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Ronald McDonald House helps Holyrood parents
Main cutline information: With their farmland in the background, the Petermanns – daughter Emily, mom Stephanie, baby Silas and dad Michael – snuggle on a blanket.
On March 21, Stephanie Petermann was enjoying a healthy pregnancy and looking forward to meeting her baby face-to-face sometime around his July 7 due date. But on March 22, without warning, contractions woke her up.
Holyrood, the small Central Kansas town that the Petermann family calls home, doesn’t have a hospital, so Michael Petermann drove his wife 27 miles to a hospital in Great Bend. The medical staff there spent most of March 23 trying to stop her premature labor, but when they weren’t able to do that, they put Stephanie Petermann on an emergency flight to Wichita’s Wesley Medical Center. At just 24 weeks and six days into the pregnancy, her baby’s life was hanging in the balance.
“Your life just stops,” Stephanie Petermann says, recalling that night.
Silas John Petermann came into the world early the next morning weighing 2 pounds, 1 ounce. Even with specialized intensive care, no one could guarantee that he would survive. “It was so unbelievably scary,” Stephanie Petermann says. “We just didn’t know what to expect from one minute to the next.”
This crisis had taken the Petermanns hours away from their farm, and it had given them no time to prepare for the challenges that the months ahead would bring. At first, they didn’t know where they would sleep or eat. Their sole priority was staying close to Silas.
A hospital staff member encouraged the Petermanns to contact Wichita’s Ronald McDonald House, a nonprofit organization that provides a home away from home for families with critically ill children. “When I called to make the reservation, they said a room had just opened up,” Stephanie Petermann says. “Had I called earlier in the day, they wouldn’t have had room for us.” A Ronald McDonald House is right across the street from the hospital, so the Petermanns could be with Silas at a moment’s notice while also having a comfortable place to rest, eat meals, do laundry and connect with other families facing similar struggles.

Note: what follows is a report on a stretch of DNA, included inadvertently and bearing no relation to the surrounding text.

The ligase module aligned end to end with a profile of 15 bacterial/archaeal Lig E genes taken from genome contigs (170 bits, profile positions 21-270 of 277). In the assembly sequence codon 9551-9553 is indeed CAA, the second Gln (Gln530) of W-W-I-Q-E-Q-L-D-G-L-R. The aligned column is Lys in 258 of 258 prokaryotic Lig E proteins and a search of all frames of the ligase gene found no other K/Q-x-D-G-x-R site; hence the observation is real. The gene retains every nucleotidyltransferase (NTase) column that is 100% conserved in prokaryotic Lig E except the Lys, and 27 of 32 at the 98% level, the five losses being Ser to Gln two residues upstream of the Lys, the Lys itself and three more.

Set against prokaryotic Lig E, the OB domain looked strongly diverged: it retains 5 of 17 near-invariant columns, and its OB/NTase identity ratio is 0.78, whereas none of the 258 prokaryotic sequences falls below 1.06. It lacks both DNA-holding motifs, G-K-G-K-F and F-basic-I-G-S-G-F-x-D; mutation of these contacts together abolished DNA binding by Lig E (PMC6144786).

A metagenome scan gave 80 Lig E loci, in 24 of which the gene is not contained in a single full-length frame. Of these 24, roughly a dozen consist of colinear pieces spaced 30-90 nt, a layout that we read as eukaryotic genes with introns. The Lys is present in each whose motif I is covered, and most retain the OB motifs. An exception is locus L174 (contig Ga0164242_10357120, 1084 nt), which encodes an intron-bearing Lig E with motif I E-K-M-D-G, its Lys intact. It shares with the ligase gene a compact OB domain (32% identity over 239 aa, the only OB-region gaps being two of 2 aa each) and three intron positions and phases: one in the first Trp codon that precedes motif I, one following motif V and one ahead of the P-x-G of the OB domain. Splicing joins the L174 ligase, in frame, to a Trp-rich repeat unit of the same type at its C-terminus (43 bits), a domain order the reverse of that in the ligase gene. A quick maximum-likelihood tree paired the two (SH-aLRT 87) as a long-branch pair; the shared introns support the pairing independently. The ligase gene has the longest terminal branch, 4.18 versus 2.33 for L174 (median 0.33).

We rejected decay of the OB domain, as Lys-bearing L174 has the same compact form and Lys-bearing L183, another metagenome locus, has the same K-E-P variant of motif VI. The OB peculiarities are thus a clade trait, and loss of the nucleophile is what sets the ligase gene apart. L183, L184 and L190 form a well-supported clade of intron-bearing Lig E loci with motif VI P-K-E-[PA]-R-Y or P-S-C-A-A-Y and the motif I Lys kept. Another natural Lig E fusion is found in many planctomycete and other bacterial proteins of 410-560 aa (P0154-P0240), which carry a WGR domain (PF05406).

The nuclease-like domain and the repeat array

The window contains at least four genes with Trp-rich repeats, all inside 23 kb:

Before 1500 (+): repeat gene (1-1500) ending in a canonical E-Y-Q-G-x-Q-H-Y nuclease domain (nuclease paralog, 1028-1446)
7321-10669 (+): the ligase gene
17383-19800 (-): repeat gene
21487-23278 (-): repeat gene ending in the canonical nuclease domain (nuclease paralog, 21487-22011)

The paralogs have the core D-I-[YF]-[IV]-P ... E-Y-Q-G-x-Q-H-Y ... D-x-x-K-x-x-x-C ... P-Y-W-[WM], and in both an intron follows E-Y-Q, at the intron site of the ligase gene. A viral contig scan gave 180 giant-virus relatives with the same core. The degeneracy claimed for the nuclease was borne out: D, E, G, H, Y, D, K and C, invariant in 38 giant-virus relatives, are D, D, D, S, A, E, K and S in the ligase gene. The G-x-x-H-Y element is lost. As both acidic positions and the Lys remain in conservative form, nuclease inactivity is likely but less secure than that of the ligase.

More than 85 percent of the families helped by Wichita’s two Ronald McDonald Houses live in Kansas, and approximately 85 percent of those families have low incomes. Without financial donations, a room at the Ronald McDonald House for one night would cost a family about $65. A $25,000 grant from the Kansas Health Foundation helps support more than 600 of these families in need. Contributions and grants make it possible for the Ronald McDonald House to charge just $15 per night and offer additional scholarships to families that can’t afford to pay.
“Many families from rural areas around the state need us because the hospitals in their towns just can’t deal with that kind of crisis,” says Patt Martin, a house manager at the Ronald McDonald House where the Petermanns stayed. “Even at $15 a night, if you’re here for months – and many families are – that can get expensive. So with the scholarships we’re able to give here, we hope it just gives them a sense of relief financially.”